In the first of the series from our newest Strategic Advisor, Geoffrey Podger, he shares his thoughts on the topic of Brexit.
Where are we on Brexit?
My apologies for starting this series of blogs by concentrating on Brexit. A recent Yougov opinion poll showed that the one thing that unites both Remainers and Brexiteers is that a majority (55% and 54 % of the two groups respectively) is that they find news about Brexit boring! I’m sure many readers must feel the same. And yet we are probably at the crossroads in the Brexit discussions and in the two areas of my interest (food safety and workplace health and safety regulation) we have reached quite different positions.
Let’s start with workplace health and safety which is by far the easier of the two subject areas when it comes to forecasting developments post -Brexit. The simple truth is that there is unlikely to be any immediate short- term difference and that even in the medium term there’s unlikely to be a radical change. The reason is clear enough: the overall EU law on health and safety was very much constructed from pre-existing UK law stemming from our Health and Safety Act and Ministers here have been very clear that they do not want to weaken safeguards for British workers post Brexit. Moreover, enforcement of EU health and safety law is essentially left in the hands of national authorities, in our case by HSE and by local authorities. So, once we have fully left the EU, firms won’t notice much difference, if any. Medium term differences if they emerge are likely to come in divergence from a few specific EU regulations after we have left. I say “a few” because there will be pressure from both sides of industry to continue to conform with future EU health and safety regulation and a future UK government is likely to want to diverge only where the EU is seeking a restriction which in the UK’s view is not evidence based and where there is not a significant impact on UK/EU trade. All then should be relatively quiet on the workplace health and safety front as we leave the EU.
The impact of Brexit on food safety regulation is however much more difficult to forecast and could result in some quite radical change. Food safety is an area where there is currently not only predominantly EU regulation but also heavy EU Commission involvement in its enforcement. The Commission has as its objective “assuring a high level of food safety and animal plant health within the EU”. It must be said that although high claims have been made for the effectiveness of the Commission’s activities in this area, recent years have nevertheless seen a series of problems from the Belgian dioxin crisis, the widespread discovery of horse meat masquerading as beef in processed meat products and the recent discovery of the insecticide fipronil in millions of eggs which both circulated in the EU and were exported to third countries. Indeed, the European Court of Auditors against this background have started a study to see if the basis and implementation of the EU food safety model are fit for purpose.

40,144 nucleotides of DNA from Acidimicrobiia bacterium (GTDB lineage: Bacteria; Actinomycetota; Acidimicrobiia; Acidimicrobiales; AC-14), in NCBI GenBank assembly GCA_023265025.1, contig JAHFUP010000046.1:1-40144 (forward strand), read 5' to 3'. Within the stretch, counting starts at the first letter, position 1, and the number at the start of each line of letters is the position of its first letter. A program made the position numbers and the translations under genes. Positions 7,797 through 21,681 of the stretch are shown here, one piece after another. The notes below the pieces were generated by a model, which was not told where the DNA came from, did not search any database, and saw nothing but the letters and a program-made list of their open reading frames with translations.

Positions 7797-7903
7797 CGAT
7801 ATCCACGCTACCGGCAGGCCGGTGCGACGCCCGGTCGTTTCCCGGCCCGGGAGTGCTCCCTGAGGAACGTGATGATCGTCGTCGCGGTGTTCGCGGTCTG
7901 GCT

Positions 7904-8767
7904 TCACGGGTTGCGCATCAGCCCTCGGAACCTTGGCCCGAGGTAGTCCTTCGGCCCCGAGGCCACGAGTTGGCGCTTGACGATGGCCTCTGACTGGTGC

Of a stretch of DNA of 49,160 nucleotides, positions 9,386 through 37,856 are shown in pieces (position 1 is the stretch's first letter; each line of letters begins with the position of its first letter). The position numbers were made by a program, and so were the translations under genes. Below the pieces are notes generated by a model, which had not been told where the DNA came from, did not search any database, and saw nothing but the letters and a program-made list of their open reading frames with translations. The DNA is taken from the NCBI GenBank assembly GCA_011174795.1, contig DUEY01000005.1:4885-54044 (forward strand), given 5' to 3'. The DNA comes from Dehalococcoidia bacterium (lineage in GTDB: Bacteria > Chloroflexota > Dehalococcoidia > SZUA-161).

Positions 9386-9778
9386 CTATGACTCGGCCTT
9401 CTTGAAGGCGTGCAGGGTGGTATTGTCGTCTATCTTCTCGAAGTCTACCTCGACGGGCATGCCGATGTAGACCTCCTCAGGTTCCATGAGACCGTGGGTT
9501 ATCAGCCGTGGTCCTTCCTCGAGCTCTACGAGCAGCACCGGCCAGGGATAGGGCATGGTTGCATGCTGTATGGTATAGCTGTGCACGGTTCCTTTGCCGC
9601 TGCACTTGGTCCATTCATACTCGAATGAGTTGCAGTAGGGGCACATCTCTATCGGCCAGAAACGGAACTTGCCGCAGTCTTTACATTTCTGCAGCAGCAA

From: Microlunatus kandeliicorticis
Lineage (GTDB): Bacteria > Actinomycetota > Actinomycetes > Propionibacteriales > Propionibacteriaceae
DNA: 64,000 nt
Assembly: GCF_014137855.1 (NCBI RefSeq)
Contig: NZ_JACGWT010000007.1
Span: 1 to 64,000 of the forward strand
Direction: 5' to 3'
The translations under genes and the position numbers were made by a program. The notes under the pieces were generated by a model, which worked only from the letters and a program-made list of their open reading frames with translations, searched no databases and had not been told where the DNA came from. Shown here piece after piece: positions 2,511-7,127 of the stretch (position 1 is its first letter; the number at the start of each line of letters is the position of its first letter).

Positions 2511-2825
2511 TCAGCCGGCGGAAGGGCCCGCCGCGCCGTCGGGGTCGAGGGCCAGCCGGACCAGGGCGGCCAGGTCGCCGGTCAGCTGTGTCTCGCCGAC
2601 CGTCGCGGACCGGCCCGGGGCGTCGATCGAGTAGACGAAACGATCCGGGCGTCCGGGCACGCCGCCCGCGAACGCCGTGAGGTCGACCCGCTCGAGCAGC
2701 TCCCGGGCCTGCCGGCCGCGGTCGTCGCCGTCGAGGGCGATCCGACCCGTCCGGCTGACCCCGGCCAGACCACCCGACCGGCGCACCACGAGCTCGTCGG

Against the background described in the previous paragraph you might well feel that this is an area where leaving the EU might well be beneficial. However, food imports from and exports to the EU are going to continue to be very important post-Brexit and given the extent to which food moves between countries in the period between leaving the farm and ending up as the processed product in the supermarket, it will still be extremely important for the UK authorities to remain in the “EU loop” as far as exchange of expertise and real-time information on potential food problems are concerned. It would be good to be able to report that good progress is being made on this but it is not obvious. In particular the Commission do not seem to be interested in continued UK participation in its expert agencies, such as the European Food Safety Agency, other than on a diminished “third country basis”. For the moment we can’t tell if this is a negotiating ploy or a permanent sticking point – if the latter there is a real risk of weakening food safety in both the UK and EU and at its most extreme that the UK will form compensatory alliance with other overseas regulators outside the EU.
The above, however, is not the greatest unknown with the potential have a major impact on food safety post Brexit. A major advantage of Brexit has been seen as the UK’s ability to make its own trade deals with non-EU countries. However here, as elsewhere, “it takes two to tango” and the UK will inevitably find itself faced with demands that it admits to the UK market agri-food products previously held inadmissible- rightly or wrongly-by the EU. Moreover, such negotiations will inevitably generate pressure to give priority to wider free trade issues over particular consumer sensitivities over food. All this will also determine the extent to which the UK has also to consider what further enforcement staff it will need regarding entry to the UK at the ports.
The truth therefore is that none of these questions regarding future food safety can be resolved even in principle until we know the kind of trade deal, if any, that the EU and the UK will make together post-Brexit and that is still shrouded in mystery. Even though these trade talks need to be finished by October to allow for ratification by March 2019, for the moment it really is that case on their outcome that “your guess is as good as mine”!
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